Marie, who went to Sydney on a working holiday visa, had the chance to work at racing stables in Australia. Due to her passion for horses, she got a full-time job in Randwick. In this article, she tells us all about her experiences, her job search and her typical working days at the stables.
Requirements and working conditions
Looking for horse jobs in Australia
After arriving in Sydney, I started looking for a job to earn some money. When I saw this ad on Gumtree, I realized that it was actually possible to work with horses in the heart of Sydney. At www.racingjobs.com.au there are job advertisements for racing stables.
So I submitted my job application, including my CV and riding experience. I’ve done horse-riding for about 15 years. A few hours later, I got a job interview on the same day at their office in the stables!
During the interview, they vaguely explained the tasks. These included looking after the racehorses before they are exercised, sold, and before they go to the racetrack. It’s a walk in the park for every rider!
Before my job started, I had to do an online test called Horse Safety Induction. It was about the safety rules and the behaviour of horses. I also had to register at NSW Racing for this job. You then practically get a riding license.
After completing all the formalities, I had an appointment at four o’clock the following morning to prepare the horses for daily training and to start my first day as a “stable hand”.
Working hours and salary
The working hours were from 4 to 9 am and then from 2 to 5 pm. These are the same for all stables.
You only get paid the minimum wage (22.83 AUD per hour), but double the wage on Sundays and public holidays.
The work goes 7 days a week with one free afternoon per week and every Sunday afternoon per fortnight.
You need safety boots in case a horse steps on your foot. The horses are between 3 and 7 years old and sometimes difficult to handle.
Experience or not, everyone can apply for a job in a racing team. If you have no experience with horses, you have to clean the stables. If you have experience with horses, you can work as a stable hand (or “groom”) or even as a jockey.
Daily routine at the stables
The following morning, I had difficulties getting out of bed at 3 o’clock. At 3:30 am I took the bus to the stables. Initially, I was given simple jobs and didn’t look after the horses. I had to clean the stables and rinse off the horses that came back from training.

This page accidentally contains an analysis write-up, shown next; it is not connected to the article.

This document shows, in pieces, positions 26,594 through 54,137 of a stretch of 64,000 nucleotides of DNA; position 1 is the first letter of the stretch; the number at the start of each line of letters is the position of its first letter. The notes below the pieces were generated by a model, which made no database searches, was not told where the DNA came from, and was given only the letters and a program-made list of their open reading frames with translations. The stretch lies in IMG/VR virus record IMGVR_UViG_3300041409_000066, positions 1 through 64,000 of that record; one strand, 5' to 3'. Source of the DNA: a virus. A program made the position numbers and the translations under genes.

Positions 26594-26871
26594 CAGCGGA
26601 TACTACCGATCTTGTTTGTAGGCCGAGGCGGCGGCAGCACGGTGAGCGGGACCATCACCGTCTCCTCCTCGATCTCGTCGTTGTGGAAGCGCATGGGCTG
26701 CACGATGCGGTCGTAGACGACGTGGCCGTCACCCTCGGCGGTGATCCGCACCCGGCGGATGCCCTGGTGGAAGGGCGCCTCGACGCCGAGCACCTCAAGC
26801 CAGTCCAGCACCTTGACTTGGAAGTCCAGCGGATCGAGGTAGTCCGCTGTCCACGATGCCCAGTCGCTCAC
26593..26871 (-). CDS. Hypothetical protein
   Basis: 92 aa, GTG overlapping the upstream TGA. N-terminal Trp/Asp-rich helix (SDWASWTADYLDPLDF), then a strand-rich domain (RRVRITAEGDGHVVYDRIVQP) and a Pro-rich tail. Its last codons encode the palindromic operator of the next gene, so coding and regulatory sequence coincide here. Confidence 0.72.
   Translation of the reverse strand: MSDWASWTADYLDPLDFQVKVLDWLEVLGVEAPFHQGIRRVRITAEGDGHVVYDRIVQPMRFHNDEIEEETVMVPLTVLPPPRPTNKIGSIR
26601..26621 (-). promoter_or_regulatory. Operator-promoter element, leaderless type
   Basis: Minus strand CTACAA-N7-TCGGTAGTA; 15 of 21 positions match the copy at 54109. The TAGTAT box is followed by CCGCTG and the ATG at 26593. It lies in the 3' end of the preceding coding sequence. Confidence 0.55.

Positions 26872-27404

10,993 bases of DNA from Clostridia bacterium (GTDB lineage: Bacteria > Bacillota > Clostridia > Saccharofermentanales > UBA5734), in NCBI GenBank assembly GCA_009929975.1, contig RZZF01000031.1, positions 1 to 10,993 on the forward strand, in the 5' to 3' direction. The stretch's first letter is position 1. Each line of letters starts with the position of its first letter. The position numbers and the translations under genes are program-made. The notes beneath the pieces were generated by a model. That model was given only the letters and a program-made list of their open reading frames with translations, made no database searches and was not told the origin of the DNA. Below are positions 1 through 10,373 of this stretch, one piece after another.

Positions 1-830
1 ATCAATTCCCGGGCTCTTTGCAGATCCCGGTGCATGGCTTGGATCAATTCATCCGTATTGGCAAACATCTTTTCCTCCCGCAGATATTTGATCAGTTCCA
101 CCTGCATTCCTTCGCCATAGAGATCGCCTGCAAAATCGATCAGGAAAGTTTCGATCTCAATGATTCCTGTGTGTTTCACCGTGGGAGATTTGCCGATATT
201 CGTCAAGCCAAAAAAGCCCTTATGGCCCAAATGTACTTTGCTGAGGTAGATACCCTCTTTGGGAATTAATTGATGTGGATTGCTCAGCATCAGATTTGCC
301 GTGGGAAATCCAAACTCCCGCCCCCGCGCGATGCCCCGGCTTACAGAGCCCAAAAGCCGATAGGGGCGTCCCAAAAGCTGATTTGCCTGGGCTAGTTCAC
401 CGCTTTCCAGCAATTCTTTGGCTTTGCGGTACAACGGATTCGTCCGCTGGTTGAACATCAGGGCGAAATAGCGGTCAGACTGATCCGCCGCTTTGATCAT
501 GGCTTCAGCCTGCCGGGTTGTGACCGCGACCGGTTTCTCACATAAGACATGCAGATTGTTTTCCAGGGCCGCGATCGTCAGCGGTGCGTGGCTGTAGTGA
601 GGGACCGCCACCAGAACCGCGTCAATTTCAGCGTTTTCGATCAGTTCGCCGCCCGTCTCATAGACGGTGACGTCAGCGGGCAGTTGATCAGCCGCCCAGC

After a few days, I gained my colleagues’ trust. So they let me saddle up the horses and put them on the track for training.
Each horse is shampooed and rinsed off after riding and brought back to their stable until the afternoon.
Every afternoon, all horses spend about 15 minutes training in a horse walker. During this time, the stables are being cleaned again. The stables must be incredibly clean, as some of these young horses are worth millions!
Horses are real athletes
Every day, it’s the same routine. Only on Sundays, horses get a break and are not ridden.
Sunday is also race day. As a stable hand, you may work on the racecourses. These working hours are paid double.
Job experience in the equine industry
The schedules are pretty tough. Also consider the time to get to the stables, since the alarm clock goes off pretty early.
All in all it was a great job. If you like horses, you it doesn’t feel like working and time goes by fast. You are a lot on your feet and it can be physically exhausting sometimes (you pull wheelbarrows when mucking out the stables or carry buckets with horse fodder).
There is also the possibility to get sponsored. As a stable hand, I met a team-sponsored French jockey. In addition, you can find work throughout Australia. There are actually many small towns with racetracks and therefore stables. Note, that the license you need is different in each state though and it’s valid for one year.
Working on the racecourse usually doesn’t count towards the second year visa.
Written by Marie Leclerc